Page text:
Early bird $12 (’til 2.28.13) l GA $15 l At the door $20
Purchase tickets now: http://hyphenhoedown.eventbrite.com/
Time & Date
Saturday, March 2 l 9pm – 1am
Gallery and Bar 4N5 l 863 Mission St., San Francisco, CA 94103
21+ l Alcohol will be served at the bar, cash only
Balay or Bahay: House/Home in Tagalog, Ilocano and Visayan
Doors open at 3 pm, program starts at 3:30 pm, Eastside Arts Alliance, Oakland.
A group of nine Anakbayan East Bay members and solidarity allies spent December traveling through Luzon and Mindanao on an Exposure Trip to learn about the struggles and organizing of Filipinos fighting for liberation. Everywhere we traveled, thekasamas in the Philippines told us about their struggle for home.From Anakpawis members in urban poor squatter communities, to peasants in Hacienda Luisita struggling to create collective farms, to Typhoon Pablo victims, to political prisoners and minnning and logging communities, they were all struggling for the self-determination and liberation of home and land. This has been constant struggle for the Filipino people since Spanish colonialism.
This struggle is very close to the hearts of the Anakbayan East Bay delegation members. As Oakland residents, we are constantly fighting gentrification for space. Members of the delegation do work around housing, environmental justice, urban youth organizing, reproductive justice and workers rights issues. But the core of all of our work is building safe and just communities for low-income people of color here in the East Bay.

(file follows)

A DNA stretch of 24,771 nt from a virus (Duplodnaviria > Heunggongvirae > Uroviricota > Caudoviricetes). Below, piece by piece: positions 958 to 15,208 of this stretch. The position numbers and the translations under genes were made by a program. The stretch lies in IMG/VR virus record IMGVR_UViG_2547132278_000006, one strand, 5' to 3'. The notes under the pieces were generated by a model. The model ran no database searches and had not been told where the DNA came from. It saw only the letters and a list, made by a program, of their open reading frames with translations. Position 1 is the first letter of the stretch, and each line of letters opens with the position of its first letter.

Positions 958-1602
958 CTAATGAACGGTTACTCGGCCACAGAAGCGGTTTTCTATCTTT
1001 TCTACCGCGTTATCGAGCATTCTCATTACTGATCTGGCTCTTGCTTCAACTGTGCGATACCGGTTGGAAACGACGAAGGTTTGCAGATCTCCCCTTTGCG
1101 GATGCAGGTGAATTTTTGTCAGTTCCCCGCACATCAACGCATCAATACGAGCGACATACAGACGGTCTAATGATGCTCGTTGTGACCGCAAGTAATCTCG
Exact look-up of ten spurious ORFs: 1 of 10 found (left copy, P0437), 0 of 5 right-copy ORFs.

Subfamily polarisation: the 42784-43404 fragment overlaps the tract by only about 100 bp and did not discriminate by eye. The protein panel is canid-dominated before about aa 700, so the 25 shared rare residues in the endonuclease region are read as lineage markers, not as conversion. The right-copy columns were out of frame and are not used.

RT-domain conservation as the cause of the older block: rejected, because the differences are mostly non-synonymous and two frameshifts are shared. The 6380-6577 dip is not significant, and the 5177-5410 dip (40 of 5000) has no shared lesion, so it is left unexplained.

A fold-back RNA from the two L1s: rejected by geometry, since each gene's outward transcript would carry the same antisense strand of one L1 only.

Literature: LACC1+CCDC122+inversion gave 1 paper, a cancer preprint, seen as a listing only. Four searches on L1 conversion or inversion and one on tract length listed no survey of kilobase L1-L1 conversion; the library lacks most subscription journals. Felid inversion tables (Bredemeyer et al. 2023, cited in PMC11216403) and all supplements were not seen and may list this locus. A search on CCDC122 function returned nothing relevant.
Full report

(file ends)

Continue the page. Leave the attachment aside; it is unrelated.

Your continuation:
We came back to the Oakland with a dream of building solidarity for the liberation of home and land from Oakland to Manila, Luzon to Mindanao. Please join us for a report back to help make that dream real. Hear our stories, see our photos and video, share food, donate to the victims of Typhoon Pablo and peasants in Hacienda Luisita struggling to take back land and learn about other ways to support this movement.
The event will be livestreamed at http://bit.ly/ABEBLive. This venue is wheelchair accessible. Please RSVP on the wall if you have childcare needs.
Queen Lili’uokalani (Source: Hawaii Cultural & Spiritual Services Center)
January 17th marked the 120th anniversary of the illegal overthrow of Hawaiian Queen Lili’uokalani. APEX Contributor Robynn Takayama attends the commemoration event where she spoke with Paul Kealoha Blake about the Hawaiian Sovereignty Movement and its connection with Idle No More.